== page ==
1. No-Name Slob
    Offline

    No-Name Slob Contributing Member Supporter Contributor

    Joined:
    Jun 3, 2015
    Messages:
    1,232
    Likes Received:
    925
    Location:
    Dallas, Texas

    Help Me Fire My Artist

    Discussion in 'The Lounge' started by No-Name Slob, Jun 5, 2016.

    First of all, let me say that I'm terrible with boundaries. I have this awful obsession with being liked, which leads me to say yes to almost anything, and causes me to allow myself to be completely taken advantage of time and time again.

    Here's the backstory: I opened a salon studio in March, and part of my schtick is that I adorn the walls with artwork created by local emerging artists on a 60 day rotation. I don't take commission from their sales, nor do I charge rent for using my wall space. Already, that's an opportunity I offer which is relatively unheard of in my area. I give emerging artists exposure and potential sales, and I don't ask for any monetary reward in return. The way I envisioned it when I decided to do this is that my benefit is in the form of free and ever changing wall decor, and a unique way to set myself apart in my industry. Eventually, I hope to expand into a standalone loft space with a gallery on the first floor and a salon on the second.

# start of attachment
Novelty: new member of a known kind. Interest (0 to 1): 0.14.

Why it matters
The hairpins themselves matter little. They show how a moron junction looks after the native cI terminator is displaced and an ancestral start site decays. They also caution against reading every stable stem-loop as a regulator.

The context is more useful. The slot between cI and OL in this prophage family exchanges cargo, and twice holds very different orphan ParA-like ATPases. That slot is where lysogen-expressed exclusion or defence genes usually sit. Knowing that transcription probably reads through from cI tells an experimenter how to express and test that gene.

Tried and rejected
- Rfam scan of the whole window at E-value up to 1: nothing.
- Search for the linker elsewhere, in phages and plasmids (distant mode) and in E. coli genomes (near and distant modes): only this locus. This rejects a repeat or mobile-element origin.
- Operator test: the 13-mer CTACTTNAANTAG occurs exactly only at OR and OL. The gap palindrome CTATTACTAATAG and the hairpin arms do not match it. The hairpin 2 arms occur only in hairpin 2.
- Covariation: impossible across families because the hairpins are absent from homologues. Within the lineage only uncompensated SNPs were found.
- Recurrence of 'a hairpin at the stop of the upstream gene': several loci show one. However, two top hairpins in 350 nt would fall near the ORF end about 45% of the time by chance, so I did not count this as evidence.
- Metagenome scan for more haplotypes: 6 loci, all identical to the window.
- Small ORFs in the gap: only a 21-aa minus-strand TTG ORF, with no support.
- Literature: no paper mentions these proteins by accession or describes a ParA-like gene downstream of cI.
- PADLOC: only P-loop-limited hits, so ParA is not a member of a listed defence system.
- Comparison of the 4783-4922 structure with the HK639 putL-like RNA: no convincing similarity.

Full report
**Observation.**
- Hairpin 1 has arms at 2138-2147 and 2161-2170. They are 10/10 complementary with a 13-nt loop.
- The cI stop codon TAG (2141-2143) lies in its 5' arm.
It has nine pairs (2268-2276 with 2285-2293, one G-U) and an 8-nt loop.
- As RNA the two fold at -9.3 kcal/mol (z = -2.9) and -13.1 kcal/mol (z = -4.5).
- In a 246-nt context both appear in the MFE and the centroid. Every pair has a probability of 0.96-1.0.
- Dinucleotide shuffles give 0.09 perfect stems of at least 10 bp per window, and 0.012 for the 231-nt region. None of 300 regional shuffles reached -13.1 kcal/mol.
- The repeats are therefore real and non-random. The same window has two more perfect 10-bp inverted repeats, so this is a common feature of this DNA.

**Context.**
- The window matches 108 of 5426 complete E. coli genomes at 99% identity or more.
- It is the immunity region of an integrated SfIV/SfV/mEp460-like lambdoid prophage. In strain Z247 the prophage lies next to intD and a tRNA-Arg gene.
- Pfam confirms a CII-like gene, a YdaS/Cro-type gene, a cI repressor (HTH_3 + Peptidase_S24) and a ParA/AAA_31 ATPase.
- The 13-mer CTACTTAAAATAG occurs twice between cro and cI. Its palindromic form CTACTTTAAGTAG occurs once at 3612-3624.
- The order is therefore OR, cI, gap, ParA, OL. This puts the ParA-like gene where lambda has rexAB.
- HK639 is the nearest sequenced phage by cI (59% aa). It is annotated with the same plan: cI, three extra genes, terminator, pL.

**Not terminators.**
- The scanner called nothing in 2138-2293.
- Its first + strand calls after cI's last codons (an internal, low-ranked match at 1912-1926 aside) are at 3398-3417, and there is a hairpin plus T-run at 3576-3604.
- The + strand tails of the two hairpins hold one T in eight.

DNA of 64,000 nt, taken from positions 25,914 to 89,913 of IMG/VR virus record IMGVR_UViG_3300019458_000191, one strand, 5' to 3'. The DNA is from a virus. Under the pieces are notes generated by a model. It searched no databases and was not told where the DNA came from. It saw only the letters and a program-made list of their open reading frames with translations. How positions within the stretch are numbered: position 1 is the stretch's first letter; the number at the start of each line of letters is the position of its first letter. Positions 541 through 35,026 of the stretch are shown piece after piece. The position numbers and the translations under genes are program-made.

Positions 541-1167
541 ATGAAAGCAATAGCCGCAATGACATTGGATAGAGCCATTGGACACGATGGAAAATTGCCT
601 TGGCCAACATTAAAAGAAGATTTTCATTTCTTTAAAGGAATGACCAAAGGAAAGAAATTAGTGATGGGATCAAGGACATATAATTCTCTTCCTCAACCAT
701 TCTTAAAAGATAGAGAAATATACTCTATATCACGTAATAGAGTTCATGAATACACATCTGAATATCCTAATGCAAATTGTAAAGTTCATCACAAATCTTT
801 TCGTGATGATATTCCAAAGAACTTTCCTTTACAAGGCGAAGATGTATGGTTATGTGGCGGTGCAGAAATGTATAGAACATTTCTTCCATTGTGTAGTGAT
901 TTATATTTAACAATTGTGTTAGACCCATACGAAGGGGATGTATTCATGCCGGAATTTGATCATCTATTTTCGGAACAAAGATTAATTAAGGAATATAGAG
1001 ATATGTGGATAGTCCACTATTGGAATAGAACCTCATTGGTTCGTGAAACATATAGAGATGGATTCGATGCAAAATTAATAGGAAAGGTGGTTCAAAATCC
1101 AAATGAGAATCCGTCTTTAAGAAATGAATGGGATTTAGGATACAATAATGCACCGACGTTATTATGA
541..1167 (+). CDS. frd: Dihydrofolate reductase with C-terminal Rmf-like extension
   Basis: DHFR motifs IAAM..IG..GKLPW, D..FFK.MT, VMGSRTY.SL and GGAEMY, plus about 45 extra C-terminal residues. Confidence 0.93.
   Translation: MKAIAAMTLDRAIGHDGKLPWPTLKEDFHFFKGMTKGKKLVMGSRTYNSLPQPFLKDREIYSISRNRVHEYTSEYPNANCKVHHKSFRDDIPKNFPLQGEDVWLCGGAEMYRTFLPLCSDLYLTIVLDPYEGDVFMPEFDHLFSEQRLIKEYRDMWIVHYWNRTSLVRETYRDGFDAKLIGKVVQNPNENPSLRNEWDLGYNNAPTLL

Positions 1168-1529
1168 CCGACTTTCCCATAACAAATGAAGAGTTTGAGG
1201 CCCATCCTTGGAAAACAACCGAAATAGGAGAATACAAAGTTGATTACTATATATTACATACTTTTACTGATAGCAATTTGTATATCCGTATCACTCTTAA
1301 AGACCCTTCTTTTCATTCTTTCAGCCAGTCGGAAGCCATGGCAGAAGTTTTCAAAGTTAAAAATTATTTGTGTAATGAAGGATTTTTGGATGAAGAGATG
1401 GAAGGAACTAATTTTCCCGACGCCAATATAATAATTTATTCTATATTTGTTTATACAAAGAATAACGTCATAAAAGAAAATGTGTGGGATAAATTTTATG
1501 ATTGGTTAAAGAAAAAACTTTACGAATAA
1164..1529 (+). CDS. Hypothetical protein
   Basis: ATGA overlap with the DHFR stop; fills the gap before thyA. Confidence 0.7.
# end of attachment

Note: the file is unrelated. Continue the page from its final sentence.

Well, I'm on my second artist, and she has royally pissed me off. First of all, she asked for an artist reception, which I was happy to do. I even offered to fund 1/2 the cost for food and beverages, as I figured it could be a good marketing opportunity for me. It ended up that she completely took advantage of this. I created the flyers because she didn't have time, I decorated by myself, I lost money because I had to take most of the day off in order to do it. She agreed to show up at a certain time to hang her work. I coordinated this time with a massage therapist whom I share a wall with, and to have enough time before my client to get it done without disturbing their appointment. She showed up about 2 hours late, and instead of getting to work, she disappeared to get the things she was supposed to bring for the reception. She came back with 3 24 packs of beer, and that's it. I ended up spending $300 of my own money to provide her friends and family (it ended up being 50 people, well over what I expected) with food and drink, having to rush after my appointment to grab more items because she didn't hold up her end of the bargain. My reputation was at stake as well, since I hope to grow this, and handing out crappy beer is not exactly what comes to mind with an artist reception. When I arrived back, she left to drive home (45 minutes away) and change. She ended up late to her own reception, while I awkwardly greeted all of her guests, informing them she'd be about 30 minutes late. Then I had to rehang her work because it was a complete mess as she didn't even bring a hammer.